The money we’re worried about now is already spent. The debt ceiling fight is about being able to pay for what we bought. To use the (admittedly flawed) household budget analogy: you are suggesting that Uncle Sam cut up his credit card and never send in another payment, even though he’s carrying a substantial balance on that card.

  • AnonaMiss

    Yeah, this is all before my time, so for the most part I defer to the opinions of those who lived it.

    I will say though that I am a big fan of the draft. Though of course the rich have ways of getting out of even the draft, it’s much more color/class blind than our current ‘volunteer’ military. Hell, the military contracting system is basically a way of paying privileged individuals more than twice as much to do the same jobs they pay unpriveleged individuals poverty-level wages for. While the Vietnam protesters didn’t have the benefit of hindsight, I think it’s pretty clear that reinstating the draft would at this point be an equalizing, rather than a privileging, force in the modern military.

    Of course even more than that I’d prefer a mandatory term of service model a la Norway, Switzerland, Israel. But this is all pipe dreams in the current political environment ofc.

  • http://blog.trenchcoatsoft.com Ross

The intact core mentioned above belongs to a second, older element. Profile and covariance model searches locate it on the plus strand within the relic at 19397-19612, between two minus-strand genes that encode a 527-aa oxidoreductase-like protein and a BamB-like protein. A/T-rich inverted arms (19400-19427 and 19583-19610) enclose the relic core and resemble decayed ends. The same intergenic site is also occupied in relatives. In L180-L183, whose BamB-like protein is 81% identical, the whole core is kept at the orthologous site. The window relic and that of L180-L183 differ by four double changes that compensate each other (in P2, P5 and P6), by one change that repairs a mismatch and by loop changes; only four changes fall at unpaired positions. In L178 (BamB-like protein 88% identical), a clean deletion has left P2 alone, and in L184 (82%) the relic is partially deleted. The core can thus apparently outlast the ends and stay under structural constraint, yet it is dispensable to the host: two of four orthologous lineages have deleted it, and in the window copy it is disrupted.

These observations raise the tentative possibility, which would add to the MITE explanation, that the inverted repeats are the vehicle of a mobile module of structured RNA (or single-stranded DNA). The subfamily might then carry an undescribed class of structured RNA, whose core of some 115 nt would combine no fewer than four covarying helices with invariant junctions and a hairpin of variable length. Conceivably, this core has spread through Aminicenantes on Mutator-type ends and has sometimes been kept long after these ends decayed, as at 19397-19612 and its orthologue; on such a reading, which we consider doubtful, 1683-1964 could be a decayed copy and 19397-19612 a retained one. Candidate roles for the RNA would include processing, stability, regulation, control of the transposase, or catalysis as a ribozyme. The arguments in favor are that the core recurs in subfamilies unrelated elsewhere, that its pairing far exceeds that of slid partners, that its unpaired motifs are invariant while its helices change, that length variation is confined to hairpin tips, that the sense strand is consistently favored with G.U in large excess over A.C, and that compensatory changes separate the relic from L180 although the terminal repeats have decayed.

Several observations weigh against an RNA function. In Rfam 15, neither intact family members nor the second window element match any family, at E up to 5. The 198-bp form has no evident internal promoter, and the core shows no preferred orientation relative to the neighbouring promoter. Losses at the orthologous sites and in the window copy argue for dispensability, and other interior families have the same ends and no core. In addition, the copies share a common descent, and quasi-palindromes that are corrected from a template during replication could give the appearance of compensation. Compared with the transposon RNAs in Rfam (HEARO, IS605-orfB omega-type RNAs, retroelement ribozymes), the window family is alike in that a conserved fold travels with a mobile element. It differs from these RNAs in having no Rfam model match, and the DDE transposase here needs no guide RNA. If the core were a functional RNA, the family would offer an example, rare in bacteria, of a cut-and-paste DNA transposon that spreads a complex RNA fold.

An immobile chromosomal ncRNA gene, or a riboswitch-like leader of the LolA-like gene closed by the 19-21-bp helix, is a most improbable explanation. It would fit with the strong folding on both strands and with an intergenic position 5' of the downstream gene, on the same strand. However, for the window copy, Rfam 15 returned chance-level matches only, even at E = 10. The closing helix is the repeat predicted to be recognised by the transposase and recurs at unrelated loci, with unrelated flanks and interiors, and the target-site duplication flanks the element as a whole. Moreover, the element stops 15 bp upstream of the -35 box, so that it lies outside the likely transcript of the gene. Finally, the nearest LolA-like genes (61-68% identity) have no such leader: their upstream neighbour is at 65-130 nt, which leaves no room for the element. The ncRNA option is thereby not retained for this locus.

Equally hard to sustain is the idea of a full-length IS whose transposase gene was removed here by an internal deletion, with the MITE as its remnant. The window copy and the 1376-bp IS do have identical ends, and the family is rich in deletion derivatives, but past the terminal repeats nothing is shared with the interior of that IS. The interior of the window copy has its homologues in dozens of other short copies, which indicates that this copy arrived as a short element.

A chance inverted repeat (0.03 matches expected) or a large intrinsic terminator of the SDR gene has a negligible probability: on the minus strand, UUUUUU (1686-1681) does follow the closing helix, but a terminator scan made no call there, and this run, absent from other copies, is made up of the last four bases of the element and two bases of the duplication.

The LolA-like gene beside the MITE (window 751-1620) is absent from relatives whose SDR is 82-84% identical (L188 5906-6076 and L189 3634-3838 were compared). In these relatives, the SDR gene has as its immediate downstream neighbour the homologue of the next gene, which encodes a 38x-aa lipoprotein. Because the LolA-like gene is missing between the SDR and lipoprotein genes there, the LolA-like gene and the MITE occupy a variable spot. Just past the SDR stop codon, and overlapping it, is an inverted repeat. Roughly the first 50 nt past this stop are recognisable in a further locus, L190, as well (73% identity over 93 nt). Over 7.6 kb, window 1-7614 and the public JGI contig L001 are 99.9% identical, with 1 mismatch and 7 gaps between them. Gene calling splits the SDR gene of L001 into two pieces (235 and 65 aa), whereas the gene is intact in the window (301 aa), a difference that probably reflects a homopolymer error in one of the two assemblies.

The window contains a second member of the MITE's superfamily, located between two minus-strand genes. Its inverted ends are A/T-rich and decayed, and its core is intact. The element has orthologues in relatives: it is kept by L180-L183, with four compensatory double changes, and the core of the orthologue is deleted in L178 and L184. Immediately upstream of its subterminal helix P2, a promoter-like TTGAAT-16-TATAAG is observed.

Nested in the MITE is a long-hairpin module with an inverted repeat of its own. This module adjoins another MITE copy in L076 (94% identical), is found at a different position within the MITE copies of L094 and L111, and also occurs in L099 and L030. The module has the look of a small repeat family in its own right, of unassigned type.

The source of the problem is to little money. It’s not too much spending. We have a BIG COMPLEX country that has BIG PROBLEMS that can only be addressed by LARGE EFFORTS.

    And the whole idea of a debt ceiling is ludicrous. If someone’s willing to loan us money, they should be allowed to. I mean, fuck, you’re a libertarian, why can’t you understand that? WOuld you advoctae a personal debt ceiling for individuals and make it illegal for private citizens to borrow more than some particular amount of money? No, I’m pretty sure you’d say “THose people who took out giant mortgages they can’t afford had every right to borrow as much as they could find someone to loan them.”

  • EllieMurasaki

    a personal debt ceiling for individuals

    Those are called ‘credit limits’.

  • http://baloneyslicer.tripod.com/ Robert Cogan

    Social Security benefits lift about 21.4 million Americans out of poverty. It can be made solvent for nearly 75 years by taking the cap off salary contributions. So when I hear Obama mentioning reducing benefits, he angers me. We need a broad coalition to make sure this doesn’t happen. Surely conservatives can attack that “spending” at some time when millions are not still in debt and unemployment is high. Simply eliminating the cap on contributions would only affect about 6% of covered earners (see, online “The Evolution of the Social Security Tax Max” and “Distributional Effects of Raising the Social Security Tax Max.”) This would be a tax transfer from very high income recipients in a given year to poor recipients.